Vanishing Point (Primal Scream album)

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Vanishing Point
Vanishing point album cover.jpg
Studio album by
Released7 July 1997
StudioChalk Farm Studios, London
Primal Scream chronology
Give Out But Don't Give Up
Vanishing Point
Echo Dek
Singles from Vanishing Point
  1. "Kowalski"
    Released: 5 May 1997
  2. "Star"
    Released: 16 June 1997
  3. "Burning Wheel"
    Released: 13 October 1997
  4. "If They Move, Kill 'Em"
    Released: 16 February 1998

Vanishing Point is the fifth studio album by Scottish rock band Primal Scream. It was released on 7 July 1997 in the United Kingdom by Creation Records and in the United States by Reprise Records. The album shows inspiration from genres such as dub, ambient, dance music, and krautrock, as well as bands such as Motörhead, Can, and the Stooges. It was the band's first album to feature Gary 'Mani' Mounfield on bass, formerly of the Stone Roses, although Marco Nelson played bass on "Burning Wheel", "Star", "If They Move, Kill 'Em'", and "Stuka". Other guest appearances on Vanishing Point include Augustus Pablo, Glen Matlock, and the Memphis Horns.


Gillespie has described the album as an anarcho-syndicalist speedfreak road-movie record.[1] It is named after and inspired by the 1971 film Vanishing Point, especially the song "Kowalski", which is meant to be an alternative soundtrack of the movie. Lead singer Bobby Gillespie said, "The music in the film is hippy music, so we thought, 'Why not record some music that really reflects the mood of the film?' It's always been a favourite of the band, we love the air of paranoia and speed- freak righteousness. It's impossible to get hold of now, which is great! It's a pure underground film, rammed with claustrophobia."[1]


The album was written and recorded with the aid of two portable eight-track recording studios at the band's Chalk Farm rehearsal rooms.[1] The entire album was written and recorded in two months and mixed an additional month.[1] On their cover of "Motorhead", Gillespie sung the first verse through a Darth Vader mask.[2] According to an article, much of the album came from live improvisation and, "Then later on we'd layer other sounds and loops over the top, and the vocals," Gillespie said in an interview.[2] The track "If They Move, Kill 'Em" was originally to have included a sample from Sam Peckinpah's film The Wild Bunch (the song title is one of the earliest lines of dialogue spoken in the film), but it could not be cleared in time.[2]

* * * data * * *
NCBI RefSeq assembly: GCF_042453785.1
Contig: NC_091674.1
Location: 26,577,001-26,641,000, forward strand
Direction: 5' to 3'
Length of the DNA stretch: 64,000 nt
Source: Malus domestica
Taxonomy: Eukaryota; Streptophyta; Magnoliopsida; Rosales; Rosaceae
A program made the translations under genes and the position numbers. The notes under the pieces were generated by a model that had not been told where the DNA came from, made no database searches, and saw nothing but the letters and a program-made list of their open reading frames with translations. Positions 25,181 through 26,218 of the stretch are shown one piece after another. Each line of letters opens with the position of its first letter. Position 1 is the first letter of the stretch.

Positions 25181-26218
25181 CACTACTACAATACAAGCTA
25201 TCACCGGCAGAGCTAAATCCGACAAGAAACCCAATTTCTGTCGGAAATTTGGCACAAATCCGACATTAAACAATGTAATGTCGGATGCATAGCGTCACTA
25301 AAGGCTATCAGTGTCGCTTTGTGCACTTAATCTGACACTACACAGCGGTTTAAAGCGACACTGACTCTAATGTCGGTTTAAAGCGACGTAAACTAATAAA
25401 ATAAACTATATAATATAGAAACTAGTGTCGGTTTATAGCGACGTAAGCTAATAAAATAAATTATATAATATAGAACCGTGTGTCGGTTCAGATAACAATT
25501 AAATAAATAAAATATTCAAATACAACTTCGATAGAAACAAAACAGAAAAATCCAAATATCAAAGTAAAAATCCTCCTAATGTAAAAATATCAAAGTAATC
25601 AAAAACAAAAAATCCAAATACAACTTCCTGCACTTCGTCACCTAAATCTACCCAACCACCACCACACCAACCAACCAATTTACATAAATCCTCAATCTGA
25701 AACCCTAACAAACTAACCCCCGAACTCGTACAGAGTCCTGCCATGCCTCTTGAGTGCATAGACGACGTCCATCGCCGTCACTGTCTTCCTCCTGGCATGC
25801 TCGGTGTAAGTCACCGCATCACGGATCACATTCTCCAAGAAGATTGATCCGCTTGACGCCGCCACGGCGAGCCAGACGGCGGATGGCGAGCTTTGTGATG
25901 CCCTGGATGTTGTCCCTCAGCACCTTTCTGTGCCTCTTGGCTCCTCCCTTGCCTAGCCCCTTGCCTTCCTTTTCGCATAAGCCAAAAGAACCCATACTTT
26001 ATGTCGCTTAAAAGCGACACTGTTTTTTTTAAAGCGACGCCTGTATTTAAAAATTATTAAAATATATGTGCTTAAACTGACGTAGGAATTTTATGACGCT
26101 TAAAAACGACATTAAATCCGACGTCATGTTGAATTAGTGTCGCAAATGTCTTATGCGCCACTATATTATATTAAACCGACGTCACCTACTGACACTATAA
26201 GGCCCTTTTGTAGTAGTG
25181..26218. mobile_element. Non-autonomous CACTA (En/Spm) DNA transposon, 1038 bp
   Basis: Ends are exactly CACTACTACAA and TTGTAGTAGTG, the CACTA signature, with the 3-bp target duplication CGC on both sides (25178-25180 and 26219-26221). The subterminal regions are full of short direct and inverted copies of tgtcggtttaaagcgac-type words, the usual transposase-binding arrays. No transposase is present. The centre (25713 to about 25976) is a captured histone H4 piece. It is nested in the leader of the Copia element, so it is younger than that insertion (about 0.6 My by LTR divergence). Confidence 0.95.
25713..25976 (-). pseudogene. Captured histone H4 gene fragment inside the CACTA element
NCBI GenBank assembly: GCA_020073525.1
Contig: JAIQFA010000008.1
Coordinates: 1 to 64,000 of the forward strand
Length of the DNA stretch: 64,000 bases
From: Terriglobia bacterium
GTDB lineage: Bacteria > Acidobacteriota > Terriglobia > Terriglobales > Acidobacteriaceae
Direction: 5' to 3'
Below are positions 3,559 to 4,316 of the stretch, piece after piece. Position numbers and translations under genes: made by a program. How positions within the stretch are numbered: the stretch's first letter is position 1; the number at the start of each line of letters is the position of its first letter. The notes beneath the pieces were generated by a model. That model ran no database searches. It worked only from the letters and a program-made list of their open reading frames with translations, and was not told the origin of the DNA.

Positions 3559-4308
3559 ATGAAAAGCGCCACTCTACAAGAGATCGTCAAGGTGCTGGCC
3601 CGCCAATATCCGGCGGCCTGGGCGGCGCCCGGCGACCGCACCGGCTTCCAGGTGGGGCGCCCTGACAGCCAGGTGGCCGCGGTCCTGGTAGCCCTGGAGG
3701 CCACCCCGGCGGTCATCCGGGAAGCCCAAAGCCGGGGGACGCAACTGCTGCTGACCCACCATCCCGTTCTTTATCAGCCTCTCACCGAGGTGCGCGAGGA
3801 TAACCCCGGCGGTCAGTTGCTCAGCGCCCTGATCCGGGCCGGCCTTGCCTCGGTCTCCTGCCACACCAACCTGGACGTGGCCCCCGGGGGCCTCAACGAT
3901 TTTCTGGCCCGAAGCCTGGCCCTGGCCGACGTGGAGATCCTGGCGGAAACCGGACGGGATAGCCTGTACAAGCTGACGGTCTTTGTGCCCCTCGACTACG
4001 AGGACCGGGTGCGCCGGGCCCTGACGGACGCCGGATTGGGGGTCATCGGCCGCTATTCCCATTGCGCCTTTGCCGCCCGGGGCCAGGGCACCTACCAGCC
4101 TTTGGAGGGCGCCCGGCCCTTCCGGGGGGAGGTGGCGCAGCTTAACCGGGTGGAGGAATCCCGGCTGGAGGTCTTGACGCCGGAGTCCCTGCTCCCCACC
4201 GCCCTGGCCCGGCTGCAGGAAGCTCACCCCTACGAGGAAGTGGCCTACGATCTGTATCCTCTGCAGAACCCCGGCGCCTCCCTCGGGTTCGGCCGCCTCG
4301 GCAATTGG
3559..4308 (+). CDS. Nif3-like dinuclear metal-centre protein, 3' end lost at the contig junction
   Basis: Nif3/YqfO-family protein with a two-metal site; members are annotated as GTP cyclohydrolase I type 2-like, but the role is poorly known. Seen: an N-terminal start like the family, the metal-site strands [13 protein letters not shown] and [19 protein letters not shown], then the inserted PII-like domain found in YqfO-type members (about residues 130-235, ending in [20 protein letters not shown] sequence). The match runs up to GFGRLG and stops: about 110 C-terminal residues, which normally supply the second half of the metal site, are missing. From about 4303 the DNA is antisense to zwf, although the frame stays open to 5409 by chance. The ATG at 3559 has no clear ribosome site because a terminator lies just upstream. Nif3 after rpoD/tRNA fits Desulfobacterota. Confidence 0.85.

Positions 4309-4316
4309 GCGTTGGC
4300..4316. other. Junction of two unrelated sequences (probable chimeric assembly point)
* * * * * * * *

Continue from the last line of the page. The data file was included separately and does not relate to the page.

Vanishing Point was released on 7 July 1997 in the United Kingdom by Creation Records and in the United States by Reprise Records. It is the fifth album by Primal Scream.

Author Irvine Welsh scripted the video for the album's first single, "Kowalski," which was directed by musician Douglas Hart. The video features a Dodge Challenger and super model Kate Moss beating up the band. Gillespie described the video as a cross between Faster Pussycat, Kill! Kill! and The Sweeney.[2]

Reception and legacy[edit]

Professional ratings
Review scores
AllMusic4.5/5 stars[3]
Entertainment WeeklyA[4]
The Guardian5/5 stars[5]
Los Angeles Times3/4 stars[6]
Rolling Stone4/5 stars[9]
The Rolling Stone Album Guide4.5/5 stars[10]
The Village VoiceB+[12]

Vanishing Point received positive reviews from critics, who welcomed it as a return to form after 1994's Give Out But Don't Give Up.[citation needed] The NME called it "a brilliant record",[13] and the album was also included in 1001 Albums You Must Hear Before You Die.[14]